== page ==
Foundation to develop plan for low-income housing Rehrmann says rural, urban strategies needed

May 17, 1992|By Sherrie Ruhl | Sherrie Ruhl,Staff Writer

Does Harford County need more affordable housing for low-income residents?

And if so, how much and where?

The Enterprise Foundation -- a non-profit organization created by Harborplace and Columbia developer James W. Rouse to build affordable housing -- hopes to answer those questions.

The foundation said Thursday it has agreed to conduct a survey of the county's low-income housing and develop a long-range plan to create new affordable housing in Harford.

Enterprise was asked to do the study by the Ecumenical Community of Harford County Inc., which operates a transitional shelter for homeless women and children in Street. ECHCO is a non-profit organization that includes county religious leaders, Associated Catholic Charities and local businesses.

"The county has almost no existing available low-income affordable housing," said the Rev. Francis X. Callahan, pastor of St. Margaret's Catholic Church in Bel Air and past president of ECHCO.

Callahan said it is not clear how much affordable housing exists in the county because no study has ever been done on it.

The Rev. Charles W. Lightner, ECHCO's president and pastor of Bel Air United Methodist Church, says the county's need for adequate housing will grow at an increasingly rapid rate as it tries to attract new businesses and industry.

"The problem is not yet insurmountable, but it should be dealt with quickly before it becomes overwhelming," says Lightner.

A resolution supporting the foundation survey will be up for a County Council vote Tuesday night, Callahan said.

Enterprise officials sought the resolution because they want the council's support of the survey and its recommendations. Enterprise would begin the study soon, if the resolution is passed, he said.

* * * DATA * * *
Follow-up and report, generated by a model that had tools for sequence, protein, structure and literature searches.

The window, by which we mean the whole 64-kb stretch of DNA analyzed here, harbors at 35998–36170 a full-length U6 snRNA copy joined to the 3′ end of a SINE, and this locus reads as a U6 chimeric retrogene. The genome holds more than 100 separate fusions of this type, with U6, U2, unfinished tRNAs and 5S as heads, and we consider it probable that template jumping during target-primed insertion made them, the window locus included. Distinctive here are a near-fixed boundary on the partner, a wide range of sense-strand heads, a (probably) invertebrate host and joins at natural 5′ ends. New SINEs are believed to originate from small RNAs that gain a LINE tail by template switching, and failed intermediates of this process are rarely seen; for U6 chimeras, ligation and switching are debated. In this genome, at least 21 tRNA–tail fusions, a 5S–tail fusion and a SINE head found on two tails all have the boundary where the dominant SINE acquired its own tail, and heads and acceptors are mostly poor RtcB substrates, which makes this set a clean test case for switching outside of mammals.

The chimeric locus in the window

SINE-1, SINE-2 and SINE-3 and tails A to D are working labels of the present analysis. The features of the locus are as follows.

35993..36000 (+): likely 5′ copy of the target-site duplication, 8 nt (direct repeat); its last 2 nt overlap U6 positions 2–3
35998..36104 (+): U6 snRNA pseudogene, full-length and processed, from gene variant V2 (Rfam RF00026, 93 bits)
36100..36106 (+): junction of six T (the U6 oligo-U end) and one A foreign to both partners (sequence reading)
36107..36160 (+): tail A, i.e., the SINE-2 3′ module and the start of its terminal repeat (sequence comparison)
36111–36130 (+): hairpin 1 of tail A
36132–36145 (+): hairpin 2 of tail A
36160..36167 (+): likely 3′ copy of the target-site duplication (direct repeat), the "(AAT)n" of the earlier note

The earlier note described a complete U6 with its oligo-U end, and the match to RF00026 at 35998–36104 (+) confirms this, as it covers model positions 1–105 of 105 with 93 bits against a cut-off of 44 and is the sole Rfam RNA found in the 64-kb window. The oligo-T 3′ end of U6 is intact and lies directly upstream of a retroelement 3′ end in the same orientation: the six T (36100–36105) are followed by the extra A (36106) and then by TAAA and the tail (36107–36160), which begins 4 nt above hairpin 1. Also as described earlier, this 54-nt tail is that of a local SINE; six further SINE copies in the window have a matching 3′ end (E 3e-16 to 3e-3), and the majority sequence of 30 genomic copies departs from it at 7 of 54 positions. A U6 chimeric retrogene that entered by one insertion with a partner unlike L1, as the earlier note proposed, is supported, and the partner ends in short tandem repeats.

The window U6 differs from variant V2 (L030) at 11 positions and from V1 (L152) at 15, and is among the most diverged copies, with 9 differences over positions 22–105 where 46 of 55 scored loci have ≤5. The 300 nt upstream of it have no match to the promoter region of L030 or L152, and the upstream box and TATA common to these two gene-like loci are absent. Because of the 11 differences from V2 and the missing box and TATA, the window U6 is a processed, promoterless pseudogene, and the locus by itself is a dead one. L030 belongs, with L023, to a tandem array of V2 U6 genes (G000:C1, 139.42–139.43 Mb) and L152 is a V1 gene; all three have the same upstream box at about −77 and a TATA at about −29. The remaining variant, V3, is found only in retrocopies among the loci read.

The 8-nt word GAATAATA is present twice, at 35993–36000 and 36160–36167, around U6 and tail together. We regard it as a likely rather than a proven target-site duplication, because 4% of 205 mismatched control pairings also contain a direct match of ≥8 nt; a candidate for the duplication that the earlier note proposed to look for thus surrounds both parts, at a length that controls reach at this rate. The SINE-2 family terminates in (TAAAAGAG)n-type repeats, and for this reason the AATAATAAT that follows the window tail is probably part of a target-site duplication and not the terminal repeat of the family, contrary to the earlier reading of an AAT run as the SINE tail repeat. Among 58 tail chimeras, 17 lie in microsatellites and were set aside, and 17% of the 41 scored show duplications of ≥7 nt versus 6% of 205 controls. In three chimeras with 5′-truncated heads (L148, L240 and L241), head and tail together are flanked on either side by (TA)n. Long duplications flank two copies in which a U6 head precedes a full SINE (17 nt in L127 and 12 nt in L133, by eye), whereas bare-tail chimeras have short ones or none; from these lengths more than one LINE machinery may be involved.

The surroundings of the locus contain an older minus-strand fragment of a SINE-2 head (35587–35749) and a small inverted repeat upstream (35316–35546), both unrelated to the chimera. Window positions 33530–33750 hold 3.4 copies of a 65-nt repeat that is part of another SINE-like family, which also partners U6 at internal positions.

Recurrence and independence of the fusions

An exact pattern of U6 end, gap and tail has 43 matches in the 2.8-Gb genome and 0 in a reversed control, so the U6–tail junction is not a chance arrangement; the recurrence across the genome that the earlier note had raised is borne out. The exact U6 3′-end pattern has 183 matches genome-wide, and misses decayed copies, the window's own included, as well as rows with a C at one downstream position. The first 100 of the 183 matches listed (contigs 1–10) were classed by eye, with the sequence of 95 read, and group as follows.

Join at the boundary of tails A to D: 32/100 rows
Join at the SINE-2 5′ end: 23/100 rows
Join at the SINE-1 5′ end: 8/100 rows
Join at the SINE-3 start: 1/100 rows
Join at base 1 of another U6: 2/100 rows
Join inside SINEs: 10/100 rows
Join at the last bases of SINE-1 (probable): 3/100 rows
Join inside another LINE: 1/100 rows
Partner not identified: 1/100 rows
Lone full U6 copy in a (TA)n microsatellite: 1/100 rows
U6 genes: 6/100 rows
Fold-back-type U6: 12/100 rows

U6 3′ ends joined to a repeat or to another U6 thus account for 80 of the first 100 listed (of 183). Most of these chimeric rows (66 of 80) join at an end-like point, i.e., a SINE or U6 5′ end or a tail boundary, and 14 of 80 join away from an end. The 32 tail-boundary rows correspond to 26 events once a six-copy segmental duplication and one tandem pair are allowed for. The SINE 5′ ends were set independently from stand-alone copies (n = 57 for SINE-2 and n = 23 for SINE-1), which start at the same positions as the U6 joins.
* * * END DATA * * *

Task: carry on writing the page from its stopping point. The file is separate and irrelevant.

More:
County Executive Eileen M. Rehrmann said she supports the study, because the county needs to take a look at a range of affordable housing alternatives, from the needs of homeless families to the needs of senior citizens.

"Harford County has tremendous diversity. We have an urban area and a rural area and need different strategies for affordable housing for both," she said.

She said she and the council would discuss the survey findings and its recommendations and then develop priorities.

Callahan said there may be many ways to create additional low-income housing. For example, he said, existing housing along parts of the U.S. 40 corridor and in rural areas could be renovated or new homes built. Also, developers could be required to set aside a percentage of all new housing developments for low-income buyers or tenants.

Enterprise is a non-profit group which has made a national reputation for itself by working with neighborhood groups and local organizations to advance affordable housing programs for low-income people.

The study, which should be completed in about six months, will cost about $9,000. ECHCO is contributing $3,000, the Harford County Home Builders Association is contributing $4,000, and $2,000 is coming from the special projects portion of the county budget.

Housing in Harford has become expensive in the past decade, ECHCO members said, and that has affected low-income wage earners seeking good homes.

According to 1990 census profiles, the mean, or mid-range, price of a home in Harford County increased by 93.8 percent between VTC 1980 to 1990. It went up from $65,161 to $126,315.

And the mean monthly rent increased by 103.6 percent in the same 10 years, from $198 to $403.

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